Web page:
I've been feeling nostalgic lately. I think it is because of the turning of the seasons. Autumn weather has arrived here at last. Sunshine is more golden and less intense. The days are shorter and cooler. A coat is now a necessity whenever I go out.
Autumn is always an intimate to me. After the go-go outdoor days of Spring and Summer, Autumn is a time to return to life indoors. I find myself thinking about the pleasant idea of being curled up with a good book on the sofa while the stereo plays a CD in the background.
The end-of-year holidays also loom, but are not yet oppressive. Good food and good company are just around the corner.
It evokes childhood memories of the delicious smells of my mother's cooking and quiet, lazy Saturday afternoons.
In particular, it always stirs memories of apple cider and doughnuts. There was this place called "The Mill" not far from where I grew up. I don't know what the heck they did during the rest of the year, but come Fall, they always made fresh cider, sugar and cinnamon doughnuts, and candy apples once the apple harvest came in. It was always a popular field trip destination when I was in grade school. It was fun to see large machines wash and press apples, and see doughnuts get deep fried by the score through a window.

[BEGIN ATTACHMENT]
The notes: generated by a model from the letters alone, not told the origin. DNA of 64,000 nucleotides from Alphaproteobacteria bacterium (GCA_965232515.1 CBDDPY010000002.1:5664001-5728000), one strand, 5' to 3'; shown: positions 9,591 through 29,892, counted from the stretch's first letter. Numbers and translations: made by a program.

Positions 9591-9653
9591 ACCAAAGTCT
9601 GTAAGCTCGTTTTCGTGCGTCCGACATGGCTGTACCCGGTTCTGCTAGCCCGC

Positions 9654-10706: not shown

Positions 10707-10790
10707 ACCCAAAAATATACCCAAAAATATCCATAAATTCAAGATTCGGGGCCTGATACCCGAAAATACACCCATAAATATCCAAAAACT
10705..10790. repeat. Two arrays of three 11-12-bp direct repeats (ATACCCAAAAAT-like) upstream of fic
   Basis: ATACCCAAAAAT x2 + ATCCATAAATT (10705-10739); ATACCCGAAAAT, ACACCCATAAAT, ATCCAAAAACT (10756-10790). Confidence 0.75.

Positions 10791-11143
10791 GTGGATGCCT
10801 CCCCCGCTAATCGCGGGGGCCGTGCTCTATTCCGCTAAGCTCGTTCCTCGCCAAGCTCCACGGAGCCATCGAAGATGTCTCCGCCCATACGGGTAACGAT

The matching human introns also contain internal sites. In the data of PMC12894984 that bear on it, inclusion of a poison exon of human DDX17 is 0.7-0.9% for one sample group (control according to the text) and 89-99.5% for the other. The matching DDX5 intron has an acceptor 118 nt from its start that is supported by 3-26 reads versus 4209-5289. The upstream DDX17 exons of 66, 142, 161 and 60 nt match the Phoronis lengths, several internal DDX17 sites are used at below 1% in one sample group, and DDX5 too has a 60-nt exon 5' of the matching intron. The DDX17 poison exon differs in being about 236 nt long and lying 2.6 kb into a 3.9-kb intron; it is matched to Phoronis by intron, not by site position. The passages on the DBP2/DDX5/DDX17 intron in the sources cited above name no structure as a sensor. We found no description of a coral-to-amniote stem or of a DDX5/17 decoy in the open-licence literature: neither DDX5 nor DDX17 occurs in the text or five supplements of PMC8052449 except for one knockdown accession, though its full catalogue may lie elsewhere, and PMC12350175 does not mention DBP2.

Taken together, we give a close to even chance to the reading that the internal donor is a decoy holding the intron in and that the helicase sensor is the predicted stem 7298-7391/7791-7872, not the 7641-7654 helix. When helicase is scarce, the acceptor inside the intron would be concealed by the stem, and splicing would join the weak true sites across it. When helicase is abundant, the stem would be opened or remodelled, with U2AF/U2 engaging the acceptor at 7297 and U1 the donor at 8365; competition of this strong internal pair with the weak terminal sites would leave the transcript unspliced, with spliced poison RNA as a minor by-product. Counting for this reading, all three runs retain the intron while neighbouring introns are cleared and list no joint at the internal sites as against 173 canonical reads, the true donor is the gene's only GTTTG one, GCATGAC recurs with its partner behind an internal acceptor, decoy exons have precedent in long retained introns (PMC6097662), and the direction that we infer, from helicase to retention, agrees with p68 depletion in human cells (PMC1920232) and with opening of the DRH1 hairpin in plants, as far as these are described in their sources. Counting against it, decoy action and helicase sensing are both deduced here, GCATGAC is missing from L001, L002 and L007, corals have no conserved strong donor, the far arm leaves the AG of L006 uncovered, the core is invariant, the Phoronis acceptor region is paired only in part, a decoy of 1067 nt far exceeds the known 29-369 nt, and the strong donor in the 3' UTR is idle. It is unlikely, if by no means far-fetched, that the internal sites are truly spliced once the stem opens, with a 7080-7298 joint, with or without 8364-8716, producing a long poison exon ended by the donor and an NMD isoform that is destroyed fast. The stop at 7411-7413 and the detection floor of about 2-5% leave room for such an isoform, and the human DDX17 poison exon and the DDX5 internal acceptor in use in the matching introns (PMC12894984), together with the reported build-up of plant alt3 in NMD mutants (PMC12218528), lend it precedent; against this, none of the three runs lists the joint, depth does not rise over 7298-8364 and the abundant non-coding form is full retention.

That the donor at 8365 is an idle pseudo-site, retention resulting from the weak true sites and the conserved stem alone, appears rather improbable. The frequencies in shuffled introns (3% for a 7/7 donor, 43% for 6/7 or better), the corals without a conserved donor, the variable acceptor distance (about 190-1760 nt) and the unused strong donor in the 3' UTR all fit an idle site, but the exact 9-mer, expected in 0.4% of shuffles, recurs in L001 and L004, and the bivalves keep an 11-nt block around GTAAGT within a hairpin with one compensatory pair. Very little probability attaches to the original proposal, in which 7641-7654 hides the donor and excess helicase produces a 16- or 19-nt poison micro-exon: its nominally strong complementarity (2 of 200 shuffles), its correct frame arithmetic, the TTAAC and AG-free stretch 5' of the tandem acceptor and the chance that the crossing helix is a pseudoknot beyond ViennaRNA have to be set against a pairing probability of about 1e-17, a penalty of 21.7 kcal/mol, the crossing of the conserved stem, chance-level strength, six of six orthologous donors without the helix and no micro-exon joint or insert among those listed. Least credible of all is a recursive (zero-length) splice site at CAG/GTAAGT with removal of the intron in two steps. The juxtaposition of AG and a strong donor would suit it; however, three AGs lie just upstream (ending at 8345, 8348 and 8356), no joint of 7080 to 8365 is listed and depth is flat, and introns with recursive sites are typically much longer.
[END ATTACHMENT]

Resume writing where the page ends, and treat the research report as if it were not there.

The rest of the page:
Apple cider was always a seasonal thing at our house. My Dad worked not far from there and would come home about once a year in the Fall with a quart or so of their cider. It was a treat, until you got more of the solids lurking in the bottom of the plastic jug. That jug would eventually be left in the refridgerator door with half an inch of liquid in it... and begin to ferment until it was thrown away. I think that Odwalla makes a cider to match it and drinking cider still takes me back to Autumns long ago.
Their doughnuts were different than most I've ever had. They were cake-like more than anything else... and a little crunchy on the outside. They were only available in plain, with powdered sugar, and with cinnamon. These too had a limited shelf life. They were sold and kept in paper bags and the jostling involved in helping yourself to one inevitably would shake the sugar off the doughnuts. In this world of Dunkin' Donuts and Krisy Kremes, they seemed like a bit of an old fashioned anachronism.
Given uncertainties at work and an approaching national election that threatens to raise my blood pressure, such memories are a confortable refuge.
on 2004-10-19 at 2:21 p.m.
The Wayback Machine - To Infinity And Beyond